Good luck!
 
Jul 7, 2004
6,975
Hunter 30T Cheney, KS
I have been chatting with a potential new member here in our club. I'm the harbormaster. Besides the power and fresh water issues, these can be worked out, our moorings aren't deep enough for a monohull that drafts 6.5'. We really only have trimarans on the balls.
 
Oct 26, 2008
4,517
Catalina 320 Barnegat, NJ
I had my 27' boat at a slip without power for many years. At the time, my electrical use was light, as you describe. I never had a problem keeping the batteries charged via the alternator, but I motored frequently for a variety of reasons … the wind dies, getting home on time, tired of tacking, just for the hell of it, etc. I'll suggest that charging only with your alternator may keep your batteries charged, but chronically undercharged. I think the batteries never lasted as many years as they should have. I think you can get away with not installing solar, but adding solar would probably be better for the health of your batteries. There is solar on my new boat, and the previous owner kept her on a mooring full time for 20 years with refrigerator running. My 6 year old batteries seem to be in pretty good health after 6 seasons.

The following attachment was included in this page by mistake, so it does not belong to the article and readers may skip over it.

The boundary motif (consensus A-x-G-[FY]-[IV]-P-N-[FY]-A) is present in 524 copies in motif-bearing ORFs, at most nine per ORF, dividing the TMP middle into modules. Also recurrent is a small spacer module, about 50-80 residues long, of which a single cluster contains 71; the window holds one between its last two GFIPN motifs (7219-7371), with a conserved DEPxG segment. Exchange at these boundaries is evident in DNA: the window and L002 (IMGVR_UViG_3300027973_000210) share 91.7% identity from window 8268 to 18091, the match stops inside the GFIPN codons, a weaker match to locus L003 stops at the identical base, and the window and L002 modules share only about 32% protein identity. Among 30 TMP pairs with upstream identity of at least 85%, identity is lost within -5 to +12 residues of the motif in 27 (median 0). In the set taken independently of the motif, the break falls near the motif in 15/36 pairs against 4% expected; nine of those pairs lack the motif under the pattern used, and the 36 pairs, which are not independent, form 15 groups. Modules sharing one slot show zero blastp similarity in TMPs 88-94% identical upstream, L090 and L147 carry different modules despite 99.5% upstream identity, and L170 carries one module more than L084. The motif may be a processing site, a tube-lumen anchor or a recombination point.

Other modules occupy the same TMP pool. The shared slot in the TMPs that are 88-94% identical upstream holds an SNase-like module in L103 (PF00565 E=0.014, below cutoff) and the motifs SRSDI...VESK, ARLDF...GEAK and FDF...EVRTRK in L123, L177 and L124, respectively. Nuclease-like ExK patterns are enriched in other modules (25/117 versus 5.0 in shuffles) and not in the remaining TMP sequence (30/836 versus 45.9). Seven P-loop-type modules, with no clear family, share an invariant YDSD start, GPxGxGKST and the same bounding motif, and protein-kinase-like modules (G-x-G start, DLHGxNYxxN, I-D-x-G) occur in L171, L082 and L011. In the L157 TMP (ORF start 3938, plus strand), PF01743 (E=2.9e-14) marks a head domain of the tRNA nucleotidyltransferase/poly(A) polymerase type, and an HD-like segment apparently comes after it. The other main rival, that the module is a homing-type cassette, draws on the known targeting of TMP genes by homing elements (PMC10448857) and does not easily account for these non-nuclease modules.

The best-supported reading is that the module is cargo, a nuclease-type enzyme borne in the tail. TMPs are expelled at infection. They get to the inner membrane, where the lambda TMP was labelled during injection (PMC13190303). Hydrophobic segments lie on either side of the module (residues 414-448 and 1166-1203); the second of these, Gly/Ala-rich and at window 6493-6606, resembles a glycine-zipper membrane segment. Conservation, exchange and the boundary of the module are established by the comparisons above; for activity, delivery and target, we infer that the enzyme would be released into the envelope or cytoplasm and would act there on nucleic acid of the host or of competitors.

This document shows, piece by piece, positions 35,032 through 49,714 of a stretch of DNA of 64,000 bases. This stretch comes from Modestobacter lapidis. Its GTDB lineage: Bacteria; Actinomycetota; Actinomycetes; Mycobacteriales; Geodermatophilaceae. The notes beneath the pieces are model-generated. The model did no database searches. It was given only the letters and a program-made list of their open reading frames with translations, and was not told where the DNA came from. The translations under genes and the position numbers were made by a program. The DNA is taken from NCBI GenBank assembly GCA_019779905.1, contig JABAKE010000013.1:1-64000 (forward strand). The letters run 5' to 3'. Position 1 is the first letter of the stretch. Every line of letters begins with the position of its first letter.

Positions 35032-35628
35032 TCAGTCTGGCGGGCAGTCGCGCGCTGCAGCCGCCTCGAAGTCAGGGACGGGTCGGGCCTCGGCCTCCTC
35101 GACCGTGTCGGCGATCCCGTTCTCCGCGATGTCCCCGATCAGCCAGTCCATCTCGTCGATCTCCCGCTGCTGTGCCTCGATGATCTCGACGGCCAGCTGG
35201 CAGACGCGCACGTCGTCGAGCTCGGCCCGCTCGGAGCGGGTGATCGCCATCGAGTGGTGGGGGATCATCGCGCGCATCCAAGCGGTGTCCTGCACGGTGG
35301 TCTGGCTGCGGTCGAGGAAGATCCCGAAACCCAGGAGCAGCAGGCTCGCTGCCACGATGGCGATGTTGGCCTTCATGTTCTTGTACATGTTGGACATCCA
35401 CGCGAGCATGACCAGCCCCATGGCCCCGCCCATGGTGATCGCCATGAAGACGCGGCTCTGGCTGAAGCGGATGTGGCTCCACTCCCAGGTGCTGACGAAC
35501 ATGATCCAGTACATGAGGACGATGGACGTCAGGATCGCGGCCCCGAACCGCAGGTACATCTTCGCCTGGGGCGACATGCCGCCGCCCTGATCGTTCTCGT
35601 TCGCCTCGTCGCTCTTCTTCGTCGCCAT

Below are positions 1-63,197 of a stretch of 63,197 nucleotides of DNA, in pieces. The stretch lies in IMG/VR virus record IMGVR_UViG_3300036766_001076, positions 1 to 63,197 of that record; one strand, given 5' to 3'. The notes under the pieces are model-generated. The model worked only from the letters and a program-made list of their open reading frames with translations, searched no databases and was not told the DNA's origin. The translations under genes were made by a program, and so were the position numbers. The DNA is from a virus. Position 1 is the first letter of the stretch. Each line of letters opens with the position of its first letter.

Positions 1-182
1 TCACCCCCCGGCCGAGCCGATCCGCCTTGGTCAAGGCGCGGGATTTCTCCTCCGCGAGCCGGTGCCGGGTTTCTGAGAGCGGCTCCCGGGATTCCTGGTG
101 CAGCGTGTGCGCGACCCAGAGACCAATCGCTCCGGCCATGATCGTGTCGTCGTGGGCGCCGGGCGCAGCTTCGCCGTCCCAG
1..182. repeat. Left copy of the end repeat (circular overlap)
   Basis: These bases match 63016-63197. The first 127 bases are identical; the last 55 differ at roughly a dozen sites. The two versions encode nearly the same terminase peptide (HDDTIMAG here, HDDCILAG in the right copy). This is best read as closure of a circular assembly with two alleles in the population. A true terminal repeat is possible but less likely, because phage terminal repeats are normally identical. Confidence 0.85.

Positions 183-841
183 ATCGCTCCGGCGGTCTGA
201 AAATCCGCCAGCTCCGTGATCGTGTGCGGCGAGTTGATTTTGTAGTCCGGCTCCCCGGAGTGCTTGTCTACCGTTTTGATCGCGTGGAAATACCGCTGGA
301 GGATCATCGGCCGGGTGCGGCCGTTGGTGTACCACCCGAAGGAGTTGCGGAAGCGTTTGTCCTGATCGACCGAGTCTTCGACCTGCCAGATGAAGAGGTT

Jan 19, 2010
8,816
Hunter 26 Charleston
If you are not running refrig or anything like that I would recommend getting a 50 watt solar panel to keep t
:plus:Solar has gotten cheap and a trickle chargers are very inexpensive. If you are going to be away for the week, leaving a trickle charger in the cockpit is all you should need. I did this for years with a Coronado 25 I used to own. The betteries were always topped off by the next Friday afternoon when I returned to the boat.
 
Nov 30, 2009
69
Oday 28 Lake Michigan
My most common motoring would be 15-20 minutes, to and from the mooring. There will be longer motoring from time-to-time as my wife and daughters do not have patience's for downwind sailing (can't we just motor?). Love the idea of changing the lights to LED's. Been thinking of doing that for a while anyway. Now I have the motivation.

Reference solar power. Could I, is there, a setup that could be portable? Don't want a permanent mount. A panel to lay out on the deck when leaving the boat? Store away when using the boat? What is the correct layout? Solar panel direct to batteries? Solar panel to charger to batteries?